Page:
Children's Literature - Alexandria LaFayeHere's a book of poetry that breaks all the rules. It doesn't rhyme (well maybe there's one here or there), it's not organized in stanzas (maybe one or two-and they're numbered), and you don't necessarily read the poems top to bottom (column by column can be fun). These poems explore the frequently harsh realities of love, school, acne, and drugs in a teenager's life. The world they speak of is painful, challenging, isolating, and ultimately hopeful. They celebrate the individual, acknowledge the pain of daily living, and are accompanied by photographic collages filled with mundane items in a fragmented format that reflects the divided lives of the intended readers. This book challenges readers to go the extra mile to do the right thing.
Children's Literature - Jan LiebermanArnold Adoff's Slow Dance Heart Break Blues, illustrated by William Cotton, is destined to grab the hearts and minds of teens. In words so simple, so well timed to the rapid beat of their interests, so fresh and touching to their wonder about each other, Adoff has captured the exuberant aura and the angst of adolescence. The title poem addresses the complexity of these newly forming adults: "...and / will the sun for real rise up tomorrow / and / will we live forever / and / will we do some good / for some people while we are on this true blue planet / for this crooked eye wink of time / and / will I ever learn to love me first..."
School Library JournalGr 7-10-Playing with shape and rhythm is nothing new for Adoff, and here he uses those techniques to illuminate the thoughts of adolescents. Words fall on the pages as images might come and go from a teen's mind and mouth. From the very brief (one poem is only four words long) to the full-page barrage of emotions, the poet is quite adept at listening to the voices in readers' heads. ``Will I ever learn to love me first?'' and ``Will the sun for real rise up tomorrow?'' are just two of the alternately philosophical and realistic concerns just bursting to be released from the jumble of the teenage mind. Adoff uncovers the masks teens wear, poses the question of love versus lust, offers a look at the dangers of drug use, and presents telling glimpses of body image. There is a beat to many of the selections, keeping readers moving forward. The poems' free-form shapes enforce the transitory and flashing images. In one sense, the structure aids the readability, making the verses appear as quick reads. But there is a great deal of depth here, with some of the selections providing more of an intellectual challenge. These flashes are fast and funky and will have readers questioning not only what poetry is (and isn't), but also taking another look at who and where they are in light of today's fast-moving issues and society.-Sharon Korbeck, formerly at Milwaukee Public Library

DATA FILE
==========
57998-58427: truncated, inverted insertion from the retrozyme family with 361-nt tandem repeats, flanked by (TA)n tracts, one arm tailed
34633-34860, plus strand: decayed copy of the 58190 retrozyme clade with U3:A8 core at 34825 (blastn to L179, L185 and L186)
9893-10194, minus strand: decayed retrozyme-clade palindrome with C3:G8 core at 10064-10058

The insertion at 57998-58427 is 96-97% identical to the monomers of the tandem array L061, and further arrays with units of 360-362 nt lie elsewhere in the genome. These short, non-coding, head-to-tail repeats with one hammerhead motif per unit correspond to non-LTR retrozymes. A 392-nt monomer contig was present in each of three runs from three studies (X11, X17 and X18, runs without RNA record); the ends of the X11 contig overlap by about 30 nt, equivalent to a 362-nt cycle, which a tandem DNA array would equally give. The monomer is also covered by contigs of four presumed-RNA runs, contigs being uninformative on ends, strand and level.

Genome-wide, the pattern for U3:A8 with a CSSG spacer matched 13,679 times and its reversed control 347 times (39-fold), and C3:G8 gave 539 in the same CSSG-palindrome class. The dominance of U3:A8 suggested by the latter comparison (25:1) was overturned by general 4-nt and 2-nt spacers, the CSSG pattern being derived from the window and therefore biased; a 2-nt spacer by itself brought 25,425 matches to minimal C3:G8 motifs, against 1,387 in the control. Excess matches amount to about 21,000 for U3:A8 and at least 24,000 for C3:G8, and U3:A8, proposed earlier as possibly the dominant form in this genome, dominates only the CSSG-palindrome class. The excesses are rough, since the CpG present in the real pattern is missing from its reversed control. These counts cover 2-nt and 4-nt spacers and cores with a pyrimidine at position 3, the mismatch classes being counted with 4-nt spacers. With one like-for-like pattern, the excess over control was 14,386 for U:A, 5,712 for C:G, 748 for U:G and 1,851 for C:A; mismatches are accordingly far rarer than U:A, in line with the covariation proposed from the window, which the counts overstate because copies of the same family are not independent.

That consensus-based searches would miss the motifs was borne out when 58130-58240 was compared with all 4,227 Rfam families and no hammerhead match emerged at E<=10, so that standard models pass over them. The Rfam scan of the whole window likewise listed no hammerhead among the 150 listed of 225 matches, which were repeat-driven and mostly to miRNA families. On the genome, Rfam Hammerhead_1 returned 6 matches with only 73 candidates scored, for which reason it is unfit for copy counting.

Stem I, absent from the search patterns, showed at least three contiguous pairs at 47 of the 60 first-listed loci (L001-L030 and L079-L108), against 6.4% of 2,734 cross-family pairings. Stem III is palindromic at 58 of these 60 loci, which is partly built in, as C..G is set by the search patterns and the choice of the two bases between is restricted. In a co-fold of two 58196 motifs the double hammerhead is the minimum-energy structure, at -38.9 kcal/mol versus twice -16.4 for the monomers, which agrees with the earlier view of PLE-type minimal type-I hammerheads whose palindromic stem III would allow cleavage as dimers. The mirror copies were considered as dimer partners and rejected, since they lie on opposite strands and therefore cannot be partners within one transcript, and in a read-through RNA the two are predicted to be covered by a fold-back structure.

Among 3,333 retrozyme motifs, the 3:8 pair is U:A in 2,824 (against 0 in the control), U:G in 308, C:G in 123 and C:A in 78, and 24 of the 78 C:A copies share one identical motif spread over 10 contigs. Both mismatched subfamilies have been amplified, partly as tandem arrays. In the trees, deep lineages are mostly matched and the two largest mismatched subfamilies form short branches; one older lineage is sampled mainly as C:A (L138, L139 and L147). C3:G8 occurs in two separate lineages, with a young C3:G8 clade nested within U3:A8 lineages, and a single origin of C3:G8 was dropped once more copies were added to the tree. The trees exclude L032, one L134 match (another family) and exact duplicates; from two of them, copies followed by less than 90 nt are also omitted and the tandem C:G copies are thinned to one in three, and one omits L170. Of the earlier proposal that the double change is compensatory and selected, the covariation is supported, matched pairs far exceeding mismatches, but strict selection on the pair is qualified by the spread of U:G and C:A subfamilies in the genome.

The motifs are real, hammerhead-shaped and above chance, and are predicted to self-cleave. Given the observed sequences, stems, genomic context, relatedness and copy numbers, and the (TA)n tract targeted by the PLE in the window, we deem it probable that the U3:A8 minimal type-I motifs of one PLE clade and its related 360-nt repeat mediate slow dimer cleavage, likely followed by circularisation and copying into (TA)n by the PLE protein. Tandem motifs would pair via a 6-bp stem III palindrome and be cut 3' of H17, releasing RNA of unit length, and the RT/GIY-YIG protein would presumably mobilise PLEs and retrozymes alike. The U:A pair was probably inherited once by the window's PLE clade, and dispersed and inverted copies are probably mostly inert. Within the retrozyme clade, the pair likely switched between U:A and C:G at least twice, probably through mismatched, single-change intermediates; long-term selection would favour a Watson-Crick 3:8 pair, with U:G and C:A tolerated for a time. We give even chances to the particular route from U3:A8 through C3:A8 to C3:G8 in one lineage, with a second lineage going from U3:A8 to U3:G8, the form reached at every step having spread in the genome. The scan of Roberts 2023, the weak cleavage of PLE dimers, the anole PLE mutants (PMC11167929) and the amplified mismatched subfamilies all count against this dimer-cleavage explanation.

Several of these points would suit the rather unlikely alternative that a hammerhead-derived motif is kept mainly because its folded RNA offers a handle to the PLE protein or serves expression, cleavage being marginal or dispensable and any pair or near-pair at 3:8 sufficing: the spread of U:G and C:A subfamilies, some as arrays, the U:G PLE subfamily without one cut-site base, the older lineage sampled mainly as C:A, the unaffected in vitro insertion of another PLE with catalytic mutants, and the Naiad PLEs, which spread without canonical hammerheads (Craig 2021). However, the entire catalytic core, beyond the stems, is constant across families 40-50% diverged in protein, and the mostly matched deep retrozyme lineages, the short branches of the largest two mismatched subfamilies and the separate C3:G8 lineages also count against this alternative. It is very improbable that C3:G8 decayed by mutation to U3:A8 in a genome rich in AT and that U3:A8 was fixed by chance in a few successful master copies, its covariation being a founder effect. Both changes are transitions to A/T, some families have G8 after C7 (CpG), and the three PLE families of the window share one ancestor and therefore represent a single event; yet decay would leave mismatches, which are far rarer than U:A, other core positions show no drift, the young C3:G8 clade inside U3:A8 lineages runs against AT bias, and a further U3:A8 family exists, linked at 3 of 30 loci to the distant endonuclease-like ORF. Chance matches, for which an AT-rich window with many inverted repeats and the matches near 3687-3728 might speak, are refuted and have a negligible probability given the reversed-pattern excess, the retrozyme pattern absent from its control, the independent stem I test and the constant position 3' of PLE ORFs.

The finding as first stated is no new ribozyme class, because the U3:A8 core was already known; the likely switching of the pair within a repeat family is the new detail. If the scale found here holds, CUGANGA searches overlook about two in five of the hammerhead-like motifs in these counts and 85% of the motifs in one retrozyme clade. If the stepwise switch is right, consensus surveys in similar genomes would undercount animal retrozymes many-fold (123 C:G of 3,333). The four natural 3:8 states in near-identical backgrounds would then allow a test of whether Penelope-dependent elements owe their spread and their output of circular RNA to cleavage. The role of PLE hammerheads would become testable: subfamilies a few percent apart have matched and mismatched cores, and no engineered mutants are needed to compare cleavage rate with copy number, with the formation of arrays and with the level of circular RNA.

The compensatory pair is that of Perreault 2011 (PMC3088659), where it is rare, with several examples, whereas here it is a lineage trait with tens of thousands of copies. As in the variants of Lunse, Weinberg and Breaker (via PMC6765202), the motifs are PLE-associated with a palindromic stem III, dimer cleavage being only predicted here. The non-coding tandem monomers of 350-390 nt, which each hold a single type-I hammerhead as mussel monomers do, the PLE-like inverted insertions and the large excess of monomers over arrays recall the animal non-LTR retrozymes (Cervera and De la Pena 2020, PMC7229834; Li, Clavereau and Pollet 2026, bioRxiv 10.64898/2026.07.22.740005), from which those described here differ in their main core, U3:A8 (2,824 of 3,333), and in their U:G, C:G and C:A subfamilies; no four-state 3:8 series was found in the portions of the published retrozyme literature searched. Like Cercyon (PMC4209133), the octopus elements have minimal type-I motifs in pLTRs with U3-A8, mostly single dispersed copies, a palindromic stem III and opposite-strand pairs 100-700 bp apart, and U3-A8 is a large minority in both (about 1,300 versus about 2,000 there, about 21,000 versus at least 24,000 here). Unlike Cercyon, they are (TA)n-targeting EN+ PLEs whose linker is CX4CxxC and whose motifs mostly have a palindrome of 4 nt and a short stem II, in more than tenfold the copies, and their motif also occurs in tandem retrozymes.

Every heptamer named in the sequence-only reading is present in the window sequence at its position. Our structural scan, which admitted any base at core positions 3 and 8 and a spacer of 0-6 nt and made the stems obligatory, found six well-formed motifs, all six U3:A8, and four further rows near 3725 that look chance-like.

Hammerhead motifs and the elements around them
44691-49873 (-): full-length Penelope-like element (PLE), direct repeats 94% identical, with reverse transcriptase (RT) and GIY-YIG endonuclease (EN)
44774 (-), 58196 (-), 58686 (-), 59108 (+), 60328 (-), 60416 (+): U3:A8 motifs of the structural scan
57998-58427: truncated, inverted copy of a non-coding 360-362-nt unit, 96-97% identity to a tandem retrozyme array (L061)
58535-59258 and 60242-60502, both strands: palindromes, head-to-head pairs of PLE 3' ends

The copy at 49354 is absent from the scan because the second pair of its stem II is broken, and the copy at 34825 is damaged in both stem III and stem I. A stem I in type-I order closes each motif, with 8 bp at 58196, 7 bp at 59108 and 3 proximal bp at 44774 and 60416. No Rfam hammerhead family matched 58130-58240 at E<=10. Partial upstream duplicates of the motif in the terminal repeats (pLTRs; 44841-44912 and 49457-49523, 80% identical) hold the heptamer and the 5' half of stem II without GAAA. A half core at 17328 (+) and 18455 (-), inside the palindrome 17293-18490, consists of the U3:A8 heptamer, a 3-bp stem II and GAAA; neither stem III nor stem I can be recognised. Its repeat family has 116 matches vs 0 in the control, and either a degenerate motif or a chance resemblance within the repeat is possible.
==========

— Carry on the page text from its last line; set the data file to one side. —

Susan Dove LempkeAdoff addresses his poetry to modern, urban teens in a gritty, hip-hop style. He manages to create poetry from the universal concerns of love and loneliness, the specific teen concerns of acne and braces, and unpleasant realities like selling and taking drugs. The relentless self-loathing of adolescence is captured in poems such as "Listen to the Voice in Your Head" ("No one will ever love you / and the world will turn its great equatorial back on you, / and you will live in a swamp of defeat and self-pity" ), carefully keeping on the right side of the line between self-deprecating humor and adult zingers. William Cotton's photo collages use reality but, like the poems, give it a twist: the two together may renew the perspectives of both adult and teen readers.
- HarperCollins Publishers
- Publication date:
- Edition description:
- 1 ED
- Product dimensions:
- 6.29(w) x 9.26(h) x 0.49(d)
- Age Range:
- 12 Years
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Slow Dance Heart Break Blues based on 0 ratings. 2 reviews.
When I was in junior high this was my favorite book of poems. I had never realy liked poetry before but this releven odd little book was and is awsom. It has great pictures to!